Patients will receive a home visit if:
Patients will be invited to attend a treatment centre by a GP or nurse who has provided their telephone consultation and feels that they need to be seen.
- The GP or nurse who provides their telephone consultation feels that they need to be seen and
- travel to a treatment centre would cause deterioration in the patient’s medical condition or unacceptable discomfort.
GPs have locally agreed guidelines to help them decide if a home visit is appropriate. Their clinical judgement presides, based on the individual case presented. Each case is assessed on its own merit.
Home visits are the best way of giving a medical opinion in cases involving:
- The terminally ill
- The truly bed-bound patient
In most of these cases a visit would not be an appropriate use of GP time:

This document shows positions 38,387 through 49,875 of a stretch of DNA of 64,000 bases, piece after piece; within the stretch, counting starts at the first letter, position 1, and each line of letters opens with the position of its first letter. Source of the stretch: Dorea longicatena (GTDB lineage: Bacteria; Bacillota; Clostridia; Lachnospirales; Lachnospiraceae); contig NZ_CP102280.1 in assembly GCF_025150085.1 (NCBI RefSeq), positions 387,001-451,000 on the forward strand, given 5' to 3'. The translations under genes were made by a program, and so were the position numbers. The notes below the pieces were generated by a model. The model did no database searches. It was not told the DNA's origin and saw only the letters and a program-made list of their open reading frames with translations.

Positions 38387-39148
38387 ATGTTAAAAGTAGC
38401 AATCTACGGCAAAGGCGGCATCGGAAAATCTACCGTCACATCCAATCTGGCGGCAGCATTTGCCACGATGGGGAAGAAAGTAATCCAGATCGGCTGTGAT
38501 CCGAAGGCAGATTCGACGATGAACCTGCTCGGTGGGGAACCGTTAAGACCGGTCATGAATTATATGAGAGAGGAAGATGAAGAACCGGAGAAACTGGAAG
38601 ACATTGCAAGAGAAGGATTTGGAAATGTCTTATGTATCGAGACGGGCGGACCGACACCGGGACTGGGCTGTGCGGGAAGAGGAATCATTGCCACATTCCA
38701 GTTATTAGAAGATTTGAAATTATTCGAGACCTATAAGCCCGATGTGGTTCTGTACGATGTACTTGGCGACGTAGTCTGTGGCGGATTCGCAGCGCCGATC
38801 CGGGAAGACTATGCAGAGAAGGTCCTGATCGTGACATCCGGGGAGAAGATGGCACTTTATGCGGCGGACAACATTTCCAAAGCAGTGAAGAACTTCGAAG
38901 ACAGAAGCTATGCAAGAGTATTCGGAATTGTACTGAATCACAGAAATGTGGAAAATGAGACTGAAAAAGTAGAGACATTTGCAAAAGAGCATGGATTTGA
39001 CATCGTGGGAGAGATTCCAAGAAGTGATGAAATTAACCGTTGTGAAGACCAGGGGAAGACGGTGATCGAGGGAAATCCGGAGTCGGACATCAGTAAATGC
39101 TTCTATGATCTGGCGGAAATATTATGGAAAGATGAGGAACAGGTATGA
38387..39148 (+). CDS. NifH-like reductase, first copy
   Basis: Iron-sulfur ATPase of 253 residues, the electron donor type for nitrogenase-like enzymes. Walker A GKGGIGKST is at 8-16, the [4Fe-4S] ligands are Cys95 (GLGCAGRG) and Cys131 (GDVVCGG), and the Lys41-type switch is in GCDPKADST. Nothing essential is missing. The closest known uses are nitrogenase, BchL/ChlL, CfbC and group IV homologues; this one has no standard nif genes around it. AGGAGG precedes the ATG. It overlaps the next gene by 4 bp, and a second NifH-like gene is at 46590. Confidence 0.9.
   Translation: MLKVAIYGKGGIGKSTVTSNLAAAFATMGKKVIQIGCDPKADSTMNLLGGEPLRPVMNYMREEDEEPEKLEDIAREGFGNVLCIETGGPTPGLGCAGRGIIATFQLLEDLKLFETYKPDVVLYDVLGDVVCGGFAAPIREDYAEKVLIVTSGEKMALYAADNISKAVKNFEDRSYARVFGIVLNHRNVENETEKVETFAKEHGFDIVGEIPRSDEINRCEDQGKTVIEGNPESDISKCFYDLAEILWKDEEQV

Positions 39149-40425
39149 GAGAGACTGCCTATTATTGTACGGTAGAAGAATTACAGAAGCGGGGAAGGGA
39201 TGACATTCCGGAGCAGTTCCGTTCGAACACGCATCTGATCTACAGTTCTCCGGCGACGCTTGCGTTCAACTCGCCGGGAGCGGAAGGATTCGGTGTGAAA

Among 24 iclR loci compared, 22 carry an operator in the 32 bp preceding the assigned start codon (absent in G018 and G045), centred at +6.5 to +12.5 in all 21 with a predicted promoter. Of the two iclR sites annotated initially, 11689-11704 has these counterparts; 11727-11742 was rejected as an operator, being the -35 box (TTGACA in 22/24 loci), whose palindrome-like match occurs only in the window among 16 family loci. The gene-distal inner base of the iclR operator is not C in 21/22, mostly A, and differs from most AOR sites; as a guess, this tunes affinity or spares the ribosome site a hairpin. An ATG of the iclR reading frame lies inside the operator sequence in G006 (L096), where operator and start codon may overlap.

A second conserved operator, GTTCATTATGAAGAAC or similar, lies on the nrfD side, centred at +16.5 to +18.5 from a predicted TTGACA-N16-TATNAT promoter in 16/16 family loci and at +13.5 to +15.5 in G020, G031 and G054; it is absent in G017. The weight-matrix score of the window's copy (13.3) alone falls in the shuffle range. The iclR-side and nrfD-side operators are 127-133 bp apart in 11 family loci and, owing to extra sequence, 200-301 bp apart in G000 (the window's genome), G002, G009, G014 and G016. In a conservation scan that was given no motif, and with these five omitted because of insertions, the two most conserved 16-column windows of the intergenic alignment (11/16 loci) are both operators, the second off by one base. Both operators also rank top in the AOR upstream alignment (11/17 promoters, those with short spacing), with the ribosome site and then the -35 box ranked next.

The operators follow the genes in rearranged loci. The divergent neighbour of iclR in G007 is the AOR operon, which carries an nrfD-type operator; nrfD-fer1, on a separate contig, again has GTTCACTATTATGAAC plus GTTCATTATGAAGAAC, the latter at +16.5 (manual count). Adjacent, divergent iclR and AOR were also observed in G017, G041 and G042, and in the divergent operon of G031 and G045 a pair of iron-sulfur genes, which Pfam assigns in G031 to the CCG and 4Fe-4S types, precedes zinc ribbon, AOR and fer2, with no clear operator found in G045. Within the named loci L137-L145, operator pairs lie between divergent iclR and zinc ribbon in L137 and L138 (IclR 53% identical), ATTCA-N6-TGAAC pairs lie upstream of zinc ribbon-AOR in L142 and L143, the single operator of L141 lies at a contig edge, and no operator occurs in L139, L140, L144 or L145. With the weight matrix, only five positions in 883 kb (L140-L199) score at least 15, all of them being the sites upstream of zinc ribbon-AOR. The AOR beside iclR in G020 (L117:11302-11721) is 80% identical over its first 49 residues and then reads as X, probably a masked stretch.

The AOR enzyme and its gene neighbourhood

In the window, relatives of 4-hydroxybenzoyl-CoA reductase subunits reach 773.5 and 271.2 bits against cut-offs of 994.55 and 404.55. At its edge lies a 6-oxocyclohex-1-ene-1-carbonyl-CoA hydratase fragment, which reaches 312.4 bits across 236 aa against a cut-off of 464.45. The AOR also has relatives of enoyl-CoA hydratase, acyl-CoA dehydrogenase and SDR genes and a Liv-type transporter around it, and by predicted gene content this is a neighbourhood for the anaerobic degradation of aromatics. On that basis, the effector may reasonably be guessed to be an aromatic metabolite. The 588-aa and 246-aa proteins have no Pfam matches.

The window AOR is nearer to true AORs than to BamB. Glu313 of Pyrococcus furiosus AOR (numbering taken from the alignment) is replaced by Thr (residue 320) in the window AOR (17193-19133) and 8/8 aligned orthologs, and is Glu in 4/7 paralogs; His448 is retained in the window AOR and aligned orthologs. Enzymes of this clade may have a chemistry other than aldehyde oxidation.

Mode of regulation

- Common symptoms of childhood: fevers, cold, cough, earache, headache, diarrhoea/vomiting and most cases of abdominal pain. It is not necessarily harmful to take a child with a fever outside. These children may not be fit to travel by bus or to walk, but car transport is available from friends, relatives or taxi firms. It’s is not a doctor’s duty to arrange such transport.
- Adults with common problems such as a cough, sore throat, influenza, back pain and abdominal pain are also readily transported by car to a doctor’s premises.
- Common problems in the elderly such as poor mobility, joint pain, and general malaise may be best treated by the patient’s registered GP
We have to meet Department of Health quality standards.
- Urgent cases visited within two hours of telephone consultation.
- Less urgent (routine) cases visited within six hours of telephone consultation.